Canadians set new record at advance polls, hundreds of thousands of votes expected to arrive by mail
Close to 5.8 million Canadians voted over the four days of advance polling
A record number of Canadians voted in advance polls and hundreds of thousands of ballots are expected to arrive by mail as we enter the final week of this unusual pandemic election.
According to Elections Canada, nearly 5.8 million Canadians voted over the four days of advance polling that ended on Monday.
That represents an increase of about 18 per cent over the nearly 4.9 million Canadians who voted in advance polls during the 2019 election, which set the previous record for federal elections.
"I want to thank the electors who took advantage of advance polls for their patience and their help in making this a safe experience for everyone," Chief Electoral Officer Stephane Perrault said in a news release.
Elections Canada is bracing for a flood of mail-in ballots this week as voters look for alternative voting methods during the pandemic. Even so, the number of Canadians voting by mail is likely to fall well short of initial predictions.
WATCH | Record number of Canadians vote in advance polls:
Slightly more than 1.2 million Canadians requested special voting kits, which can be mailed. The deadline to request those kits has now passed.
Elections Canada has said it expects "most" of those kits will be submitted by mail this year, though an exact figure will not be available until after election day.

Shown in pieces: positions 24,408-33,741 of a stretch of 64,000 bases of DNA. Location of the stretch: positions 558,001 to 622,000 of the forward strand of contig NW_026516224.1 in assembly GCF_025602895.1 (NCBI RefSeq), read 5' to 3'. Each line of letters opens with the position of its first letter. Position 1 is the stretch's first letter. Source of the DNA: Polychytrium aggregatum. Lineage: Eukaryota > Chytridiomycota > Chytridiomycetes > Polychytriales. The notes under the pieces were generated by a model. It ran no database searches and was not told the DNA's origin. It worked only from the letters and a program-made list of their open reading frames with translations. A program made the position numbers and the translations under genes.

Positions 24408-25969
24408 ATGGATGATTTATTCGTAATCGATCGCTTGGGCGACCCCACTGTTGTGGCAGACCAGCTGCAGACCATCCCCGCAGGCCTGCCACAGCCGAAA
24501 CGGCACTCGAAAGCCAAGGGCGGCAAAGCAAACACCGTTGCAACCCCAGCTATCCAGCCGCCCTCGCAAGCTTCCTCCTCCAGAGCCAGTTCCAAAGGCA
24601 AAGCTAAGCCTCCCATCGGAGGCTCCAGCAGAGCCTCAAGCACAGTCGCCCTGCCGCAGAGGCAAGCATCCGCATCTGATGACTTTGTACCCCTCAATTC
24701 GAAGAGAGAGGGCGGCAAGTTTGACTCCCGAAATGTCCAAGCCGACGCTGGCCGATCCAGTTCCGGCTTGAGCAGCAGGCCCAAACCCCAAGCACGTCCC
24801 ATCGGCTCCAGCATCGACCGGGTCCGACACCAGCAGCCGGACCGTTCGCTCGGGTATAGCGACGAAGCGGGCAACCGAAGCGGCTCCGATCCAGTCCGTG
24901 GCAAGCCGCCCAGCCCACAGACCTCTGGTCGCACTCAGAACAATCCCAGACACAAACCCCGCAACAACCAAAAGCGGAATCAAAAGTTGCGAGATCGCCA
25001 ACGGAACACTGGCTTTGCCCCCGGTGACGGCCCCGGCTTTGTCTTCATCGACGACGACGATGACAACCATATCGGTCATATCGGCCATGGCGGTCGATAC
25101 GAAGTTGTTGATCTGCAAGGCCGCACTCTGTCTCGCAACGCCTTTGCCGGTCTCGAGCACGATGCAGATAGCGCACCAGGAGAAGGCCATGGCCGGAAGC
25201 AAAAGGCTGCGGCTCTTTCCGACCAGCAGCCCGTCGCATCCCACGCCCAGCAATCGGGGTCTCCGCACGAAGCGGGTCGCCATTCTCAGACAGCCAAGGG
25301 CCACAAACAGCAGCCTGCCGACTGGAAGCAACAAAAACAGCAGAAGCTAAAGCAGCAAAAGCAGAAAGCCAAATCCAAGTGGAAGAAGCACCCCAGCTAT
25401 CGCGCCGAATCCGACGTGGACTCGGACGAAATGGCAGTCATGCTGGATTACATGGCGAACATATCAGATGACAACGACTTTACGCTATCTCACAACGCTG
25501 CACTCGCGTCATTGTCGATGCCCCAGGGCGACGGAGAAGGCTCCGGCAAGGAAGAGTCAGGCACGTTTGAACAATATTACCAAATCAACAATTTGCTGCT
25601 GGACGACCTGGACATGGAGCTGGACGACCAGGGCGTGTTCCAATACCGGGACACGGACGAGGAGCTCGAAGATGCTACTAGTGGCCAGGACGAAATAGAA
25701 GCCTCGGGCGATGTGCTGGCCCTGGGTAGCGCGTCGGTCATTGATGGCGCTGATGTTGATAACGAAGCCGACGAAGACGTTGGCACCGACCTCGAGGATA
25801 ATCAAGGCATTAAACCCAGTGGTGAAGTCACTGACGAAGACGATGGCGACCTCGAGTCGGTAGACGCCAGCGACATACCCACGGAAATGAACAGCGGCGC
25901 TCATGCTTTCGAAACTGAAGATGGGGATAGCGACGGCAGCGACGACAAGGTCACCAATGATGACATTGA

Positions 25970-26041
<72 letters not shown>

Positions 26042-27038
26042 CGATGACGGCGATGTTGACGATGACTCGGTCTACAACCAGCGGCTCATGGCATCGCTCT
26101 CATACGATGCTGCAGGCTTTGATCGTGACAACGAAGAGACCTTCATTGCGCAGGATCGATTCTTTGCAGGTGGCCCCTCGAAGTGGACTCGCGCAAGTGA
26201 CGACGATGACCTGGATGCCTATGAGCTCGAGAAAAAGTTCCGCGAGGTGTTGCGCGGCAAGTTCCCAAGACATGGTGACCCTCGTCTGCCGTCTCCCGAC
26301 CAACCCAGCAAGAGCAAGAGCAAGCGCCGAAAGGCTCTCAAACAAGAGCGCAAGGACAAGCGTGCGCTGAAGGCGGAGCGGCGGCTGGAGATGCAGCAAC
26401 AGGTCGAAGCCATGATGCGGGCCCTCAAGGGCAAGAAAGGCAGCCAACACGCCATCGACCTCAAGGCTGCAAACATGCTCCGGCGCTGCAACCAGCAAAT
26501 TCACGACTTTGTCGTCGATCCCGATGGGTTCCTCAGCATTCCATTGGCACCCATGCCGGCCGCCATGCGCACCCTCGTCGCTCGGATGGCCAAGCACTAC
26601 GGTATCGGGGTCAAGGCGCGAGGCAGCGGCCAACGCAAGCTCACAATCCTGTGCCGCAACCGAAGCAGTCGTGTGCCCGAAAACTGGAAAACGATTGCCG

Elections Canada initially predicted that between two and three million Canadians would vote by mail this year, up from about 50,000 during the 2019 election.
Special ballot voting kits do not include a list of candidates — voters must instead write the name of their chosen candidate on the ballot.
Special ballots can also be dropped off at Elections Canada offices. They are also used for voting at places such as hospitals and prisons.
To everyone who waited in line to vote at advance polls: thank you for your patience. 🗳️👏 And thank you to the thousands of election workers who helped make it happen. We see you. We could not have done it without you. <a href="https://twitter.com/hashtag/ItsOurVote?src=hash&ref_src=twsrc%5Etfw">#ItsOurVote</a> <a href="https://twitter.com/hashtag/Elxn44?src=hash&ref_src=twsrc%5Etfw">#Elxn44</a> <a href="https://twitter.com/hashtag/CdnPoli?src=hash&ref_src=twsrc%5Etfw">#CdnPoli</a> <a href="https://t.co/qkHrEQ3Xsp">pic.twitter.com/qkHrEQ3Xsp</a>—@ElectionsCan_E
Voters who request mail-in kits are also not permitted to vote in-person during advance polls or on election day, which is next Monday, Sept. 20.
Delays expected due to mail-in ballots
Although the number of requests fell well below the expected demand, mail-in ballots are still expected to make the 2021 election an unusual one, since the results in some close races could be delayed by several days.
Perrault has warned that election officials will not begin counting mail-in ballots until Sept. 21 in order to ensure that all ballots received by the cutoff are tallied.
Perrault has said it could take two to five days to complete the count of mail-in ballots, which could prevent close races from being called until that count is complete.
Voters in Victoria have requested 11,288 special ballots as of Sept. 13, the most of any electoral district in Canada. The riding was decided by just 2,382 votes in 2019; a similarly close race could be among those delayed this time while mail-in ballots are counted.
In the 2019 election, nine ridings were decided by a margin of 500 or fewer votes.